Article 1, Section 3, Clauses 1 and 2
[Volume 2, Page 208]
"John DeWitt," NO. 4Fall 1787Storing 4.3.16
Like the performance of a fine painter, the Senate is the subject of the piece painted.--The people with their priviledges, to an attentive observer, may be seen in the back ground, composing an insignificant part of the drapery, but their existence depends upon the freshness of the colours.--Frequent handling, a little exposure, and the smallest inroads of time upon these shades, will soon destroy them, and they will no longer be considered a part of the composition. If this is true--if in any future period, however distant, we are to be governed by One Branch, it surely behoves us to provide for an equal voice in that Branch, that our respective influence shall bear some small proportion to our respective contributions and numbers: Whereas in this System, equality is totally disregarded. Five pounds in the Senate has an equal voice with fifty, and about five hundred thousand of the inhabitants the same number of votes with the remaining three millions. Where then is the probability the rights of the people will find equal security? Is it not demonstrable that your burthens will be great in proportion as your influence in that body that imposes them is small? As it respects this Commonwealth [of Massachusetts], infinitely better would be our situation in a representation in the British Parliament. The terms offered us by our enemies to place us as we stood in 1763, bear no comparison in their consequences, to those which would flow from the exercise of the powers of this Government by the Senate, as now constructed. If the same proportion in numbers and property had been observed in this Branch as in the House of Representatives (and no reason why it was not hath yet appeared, excepting what the celebrated Southern gentleman is pleased to term a "necessary compromise between contending interests") however successful they might be hereafter in arrogating all the powers of government to themselves, or however severe in executing them, still one gleam of hope with the spirit of consolation would be found in the breast of the subject, that his grievances were proportionate to those of his neighbours; but in the present case, even this satisfaction is denied him--the uncertainty is not left him--his reason instanter convinces him it is not so.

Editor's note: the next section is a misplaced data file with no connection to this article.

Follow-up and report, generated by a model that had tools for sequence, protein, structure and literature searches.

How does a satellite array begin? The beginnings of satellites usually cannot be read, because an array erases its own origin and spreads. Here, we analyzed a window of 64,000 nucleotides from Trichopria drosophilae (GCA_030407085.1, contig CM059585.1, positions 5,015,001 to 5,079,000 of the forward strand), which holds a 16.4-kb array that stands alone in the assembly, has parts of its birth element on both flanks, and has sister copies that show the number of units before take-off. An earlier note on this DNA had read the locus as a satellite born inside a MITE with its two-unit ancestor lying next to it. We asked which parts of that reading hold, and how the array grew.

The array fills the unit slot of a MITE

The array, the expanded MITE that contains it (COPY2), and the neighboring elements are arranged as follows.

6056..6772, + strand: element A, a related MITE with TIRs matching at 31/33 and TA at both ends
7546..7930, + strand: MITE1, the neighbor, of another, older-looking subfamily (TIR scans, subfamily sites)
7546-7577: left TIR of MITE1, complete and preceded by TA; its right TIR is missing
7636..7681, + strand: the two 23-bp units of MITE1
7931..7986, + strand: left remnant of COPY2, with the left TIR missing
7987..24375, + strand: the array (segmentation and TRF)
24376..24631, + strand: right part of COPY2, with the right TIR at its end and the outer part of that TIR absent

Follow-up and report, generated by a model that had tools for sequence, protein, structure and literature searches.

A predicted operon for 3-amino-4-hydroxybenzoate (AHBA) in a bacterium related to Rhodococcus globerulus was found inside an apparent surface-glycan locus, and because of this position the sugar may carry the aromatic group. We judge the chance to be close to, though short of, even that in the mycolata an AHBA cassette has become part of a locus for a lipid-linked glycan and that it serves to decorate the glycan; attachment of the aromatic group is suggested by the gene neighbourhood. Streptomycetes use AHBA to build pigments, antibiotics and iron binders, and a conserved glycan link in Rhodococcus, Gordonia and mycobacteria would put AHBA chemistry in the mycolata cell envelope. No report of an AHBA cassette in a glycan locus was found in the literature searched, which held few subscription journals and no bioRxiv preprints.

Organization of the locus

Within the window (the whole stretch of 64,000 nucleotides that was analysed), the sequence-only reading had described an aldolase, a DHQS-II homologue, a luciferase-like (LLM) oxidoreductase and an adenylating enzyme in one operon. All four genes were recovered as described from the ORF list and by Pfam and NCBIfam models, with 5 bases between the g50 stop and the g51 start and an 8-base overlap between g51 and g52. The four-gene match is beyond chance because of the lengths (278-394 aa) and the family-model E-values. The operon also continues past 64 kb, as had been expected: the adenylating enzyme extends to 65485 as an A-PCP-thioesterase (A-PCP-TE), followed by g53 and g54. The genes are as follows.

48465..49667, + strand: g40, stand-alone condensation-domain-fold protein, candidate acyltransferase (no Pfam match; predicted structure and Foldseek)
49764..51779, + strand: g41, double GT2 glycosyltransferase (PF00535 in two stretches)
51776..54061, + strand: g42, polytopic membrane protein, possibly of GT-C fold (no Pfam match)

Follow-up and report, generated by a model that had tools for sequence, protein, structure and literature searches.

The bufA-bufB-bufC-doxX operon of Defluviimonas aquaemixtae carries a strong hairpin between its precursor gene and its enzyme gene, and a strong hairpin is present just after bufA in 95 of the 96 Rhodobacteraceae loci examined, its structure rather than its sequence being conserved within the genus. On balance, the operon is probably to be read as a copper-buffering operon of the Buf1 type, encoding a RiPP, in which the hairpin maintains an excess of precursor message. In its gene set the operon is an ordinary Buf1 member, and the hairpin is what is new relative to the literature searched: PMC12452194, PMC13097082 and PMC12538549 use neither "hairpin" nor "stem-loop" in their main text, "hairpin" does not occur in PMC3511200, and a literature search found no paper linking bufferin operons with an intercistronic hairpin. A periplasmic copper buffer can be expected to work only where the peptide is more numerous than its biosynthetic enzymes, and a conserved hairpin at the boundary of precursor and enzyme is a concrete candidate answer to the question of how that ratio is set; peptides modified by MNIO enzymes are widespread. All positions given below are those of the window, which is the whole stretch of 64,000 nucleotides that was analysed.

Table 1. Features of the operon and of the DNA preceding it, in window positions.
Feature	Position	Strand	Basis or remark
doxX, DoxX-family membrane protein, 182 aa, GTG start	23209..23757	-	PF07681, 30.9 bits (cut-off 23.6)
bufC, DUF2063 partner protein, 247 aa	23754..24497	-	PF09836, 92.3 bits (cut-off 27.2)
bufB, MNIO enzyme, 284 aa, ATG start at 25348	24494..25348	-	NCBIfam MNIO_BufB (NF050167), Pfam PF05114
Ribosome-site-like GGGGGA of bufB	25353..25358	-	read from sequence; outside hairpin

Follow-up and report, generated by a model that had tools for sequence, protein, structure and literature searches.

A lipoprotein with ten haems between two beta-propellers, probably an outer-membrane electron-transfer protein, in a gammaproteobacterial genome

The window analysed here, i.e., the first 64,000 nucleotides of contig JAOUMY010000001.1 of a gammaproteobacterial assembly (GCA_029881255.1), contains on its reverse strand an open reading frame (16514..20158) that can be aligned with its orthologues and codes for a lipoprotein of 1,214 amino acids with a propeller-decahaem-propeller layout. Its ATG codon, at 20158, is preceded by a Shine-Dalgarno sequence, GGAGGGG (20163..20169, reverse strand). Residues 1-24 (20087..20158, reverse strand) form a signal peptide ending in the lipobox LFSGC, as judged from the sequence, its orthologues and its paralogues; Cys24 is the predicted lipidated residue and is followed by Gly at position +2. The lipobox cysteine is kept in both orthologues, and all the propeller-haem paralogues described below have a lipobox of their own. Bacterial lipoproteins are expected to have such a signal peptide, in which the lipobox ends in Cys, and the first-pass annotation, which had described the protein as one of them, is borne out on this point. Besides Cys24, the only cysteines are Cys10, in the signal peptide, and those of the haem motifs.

Storing, Herbert J., ed. The Complete Anti-Federalist. 7 vols. Chicago: University of Chicago Press, 1981.
© 1987 by The University of Chicago